But then Ronald Reagan became President of the United States of America. He rearmed America, and challenged the USSR on all fronts, and on June 12, 1987, he made a speech at the Brandenburg Gate in West Berlin. Loudspeakers were set up for the benefit of the large crowd in West Berlin, but some on the other side heard his remarks as well. President Reagan’s speech was carried on national radio and television newscasts here at home as well. Only a few political scholars can describe the overall speech, but about half way through his remarks he made one statement that will be etched in the hearts and minds of free men and women for generations to come…especially in Germany. He said:
“General Secretary Gorbachev, if you seek peace, if you seek prosperity for the Soviet Union and Eastern Europe, if you seek liberalization: Come here to this gate! Mr. Gorbachev, open this gate! Mr. Gorbachev, tear down this wall!”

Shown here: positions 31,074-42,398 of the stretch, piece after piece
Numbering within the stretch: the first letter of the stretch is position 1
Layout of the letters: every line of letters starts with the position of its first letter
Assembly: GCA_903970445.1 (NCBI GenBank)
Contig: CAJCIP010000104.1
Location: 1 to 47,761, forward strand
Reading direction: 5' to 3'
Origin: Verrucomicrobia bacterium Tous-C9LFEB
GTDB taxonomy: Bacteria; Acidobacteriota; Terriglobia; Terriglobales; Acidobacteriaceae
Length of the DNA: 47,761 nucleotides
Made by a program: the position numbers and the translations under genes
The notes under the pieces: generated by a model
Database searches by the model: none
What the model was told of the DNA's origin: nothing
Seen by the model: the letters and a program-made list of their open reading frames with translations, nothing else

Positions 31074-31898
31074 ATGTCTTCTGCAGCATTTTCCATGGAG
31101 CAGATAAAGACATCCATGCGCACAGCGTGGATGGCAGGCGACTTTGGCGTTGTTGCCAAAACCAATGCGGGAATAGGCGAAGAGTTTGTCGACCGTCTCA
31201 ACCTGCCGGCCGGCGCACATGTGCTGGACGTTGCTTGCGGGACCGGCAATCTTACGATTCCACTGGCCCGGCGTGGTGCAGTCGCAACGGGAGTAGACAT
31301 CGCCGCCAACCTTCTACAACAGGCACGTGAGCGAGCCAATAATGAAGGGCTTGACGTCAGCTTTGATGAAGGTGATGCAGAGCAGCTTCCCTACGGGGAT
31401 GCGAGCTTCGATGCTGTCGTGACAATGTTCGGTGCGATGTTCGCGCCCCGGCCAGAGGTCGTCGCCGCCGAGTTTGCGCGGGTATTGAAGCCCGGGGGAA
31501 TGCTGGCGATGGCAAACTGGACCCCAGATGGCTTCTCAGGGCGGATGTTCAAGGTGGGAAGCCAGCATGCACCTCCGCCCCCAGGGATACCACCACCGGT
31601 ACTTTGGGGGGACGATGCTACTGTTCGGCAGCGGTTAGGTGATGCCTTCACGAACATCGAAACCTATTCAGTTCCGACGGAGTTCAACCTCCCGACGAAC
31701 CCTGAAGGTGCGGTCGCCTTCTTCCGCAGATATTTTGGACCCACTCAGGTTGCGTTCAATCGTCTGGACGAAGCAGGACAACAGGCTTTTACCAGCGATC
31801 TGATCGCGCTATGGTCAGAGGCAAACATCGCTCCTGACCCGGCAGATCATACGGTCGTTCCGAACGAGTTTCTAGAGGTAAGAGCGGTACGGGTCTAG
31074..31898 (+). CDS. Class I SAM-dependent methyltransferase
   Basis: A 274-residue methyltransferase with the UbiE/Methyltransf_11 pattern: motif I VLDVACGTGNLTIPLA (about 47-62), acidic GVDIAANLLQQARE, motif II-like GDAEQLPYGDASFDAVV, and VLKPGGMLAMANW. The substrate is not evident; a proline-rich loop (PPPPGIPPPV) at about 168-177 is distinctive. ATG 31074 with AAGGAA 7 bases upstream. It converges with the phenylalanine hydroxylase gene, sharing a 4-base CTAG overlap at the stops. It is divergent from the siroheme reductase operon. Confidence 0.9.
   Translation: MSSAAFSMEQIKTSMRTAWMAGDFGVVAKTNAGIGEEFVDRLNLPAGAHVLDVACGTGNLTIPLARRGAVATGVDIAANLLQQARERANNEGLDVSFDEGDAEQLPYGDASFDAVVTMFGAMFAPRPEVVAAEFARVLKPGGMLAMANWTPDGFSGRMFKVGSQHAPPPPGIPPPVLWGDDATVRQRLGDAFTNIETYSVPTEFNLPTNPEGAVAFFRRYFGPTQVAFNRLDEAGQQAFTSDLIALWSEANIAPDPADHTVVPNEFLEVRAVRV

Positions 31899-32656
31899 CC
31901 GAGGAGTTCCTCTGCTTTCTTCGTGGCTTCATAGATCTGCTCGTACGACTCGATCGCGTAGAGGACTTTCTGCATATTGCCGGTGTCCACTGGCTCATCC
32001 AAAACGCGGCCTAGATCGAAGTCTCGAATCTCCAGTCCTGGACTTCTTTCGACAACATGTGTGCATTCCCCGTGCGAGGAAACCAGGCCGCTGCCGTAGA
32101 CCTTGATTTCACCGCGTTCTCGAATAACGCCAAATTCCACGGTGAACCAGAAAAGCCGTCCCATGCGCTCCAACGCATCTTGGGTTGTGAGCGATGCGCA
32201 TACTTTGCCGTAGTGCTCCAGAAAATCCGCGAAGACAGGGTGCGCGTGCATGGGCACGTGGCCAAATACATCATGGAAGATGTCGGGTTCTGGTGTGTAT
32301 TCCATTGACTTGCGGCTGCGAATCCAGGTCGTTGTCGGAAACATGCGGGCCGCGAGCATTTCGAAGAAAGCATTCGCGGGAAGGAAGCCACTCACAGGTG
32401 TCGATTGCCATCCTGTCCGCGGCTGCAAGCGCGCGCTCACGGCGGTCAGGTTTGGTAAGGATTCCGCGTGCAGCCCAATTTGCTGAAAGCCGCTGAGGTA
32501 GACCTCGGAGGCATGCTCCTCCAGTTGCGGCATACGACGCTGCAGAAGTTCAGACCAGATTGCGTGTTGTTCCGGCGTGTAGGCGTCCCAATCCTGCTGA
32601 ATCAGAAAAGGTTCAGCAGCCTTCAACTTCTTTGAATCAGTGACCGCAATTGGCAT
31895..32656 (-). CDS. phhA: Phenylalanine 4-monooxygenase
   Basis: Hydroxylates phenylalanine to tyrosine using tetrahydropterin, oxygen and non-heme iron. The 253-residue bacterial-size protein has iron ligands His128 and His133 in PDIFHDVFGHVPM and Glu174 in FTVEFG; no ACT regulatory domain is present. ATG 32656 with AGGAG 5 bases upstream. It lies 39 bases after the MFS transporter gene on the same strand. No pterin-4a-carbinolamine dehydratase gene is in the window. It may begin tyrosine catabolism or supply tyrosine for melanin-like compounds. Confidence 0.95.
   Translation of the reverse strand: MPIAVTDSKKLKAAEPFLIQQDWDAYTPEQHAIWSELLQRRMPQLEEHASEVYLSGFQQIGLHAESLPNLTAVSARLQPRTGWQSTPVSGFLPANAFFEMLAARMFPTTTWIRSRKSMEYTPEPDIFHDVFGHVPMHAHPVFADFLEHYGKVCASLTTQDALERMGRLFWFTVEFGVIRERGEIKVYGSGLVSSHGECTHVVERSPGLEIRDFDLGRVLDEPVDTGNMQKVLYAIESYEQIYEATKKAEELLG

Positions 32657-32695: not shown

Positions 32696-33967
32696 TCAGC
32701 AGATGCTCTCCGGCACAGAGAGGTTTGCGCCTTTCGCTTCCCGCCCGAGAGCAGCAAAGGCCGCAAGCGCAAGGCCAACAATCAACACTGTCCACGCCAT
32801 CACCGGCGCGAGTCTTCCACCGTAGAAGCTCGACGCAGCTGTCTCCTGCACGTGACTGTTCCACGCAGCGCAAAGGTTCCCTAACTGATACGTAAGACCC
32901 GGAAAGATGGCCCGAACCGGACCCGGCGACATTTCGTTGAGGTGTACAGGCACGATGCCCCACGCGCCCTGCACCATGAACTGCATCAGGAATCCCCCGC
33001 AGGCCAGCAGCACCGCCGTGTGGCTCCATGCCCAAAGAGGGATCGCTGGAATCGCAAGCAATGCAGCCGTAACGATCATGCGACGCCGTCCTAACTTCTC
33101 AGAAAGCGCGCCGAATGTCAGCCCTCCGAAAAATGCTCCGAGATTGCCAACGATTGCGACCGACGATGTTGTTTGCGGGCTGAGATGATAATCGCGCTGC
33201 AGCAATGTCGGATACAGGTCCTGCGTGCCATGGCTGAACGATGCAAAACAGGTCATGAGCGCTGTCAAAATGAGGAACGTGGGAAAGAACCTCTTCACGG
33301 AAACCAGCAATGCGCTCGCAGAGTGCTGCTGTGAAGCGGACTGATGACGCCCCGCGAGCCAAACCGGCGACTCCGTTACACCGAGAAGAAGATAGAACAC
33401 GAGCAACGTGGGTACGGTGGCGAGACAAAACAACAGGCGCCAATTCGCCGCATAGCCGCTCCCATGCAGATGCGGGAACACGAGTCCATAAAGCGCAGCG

It didn’t happen over night, and it didn’t happen all at once, but the Berlin Wall, and the Iron Curtain itself, began crumbling that day. On November 9, 1989, shortly after President Reagan left office, the Berlin wall gate, known to Western occupation troops as “Checkpoint Charlie,” was opened for unrestricted movement in both directions. Bit by bit, brick by brick, the wall and the barbed-wire fences representing the Iron Curtain were torn down all across Eastern Europe. The barbed wire, the mine fields and the guard towers are all now gone. The Evil Empire has long since collapsed in on itself, and the Cold War is finally over. I like to think that some of the good people I met in Hungary fifty years ago this year lived to witness it, and to feel the wind of freedom on their faces once again.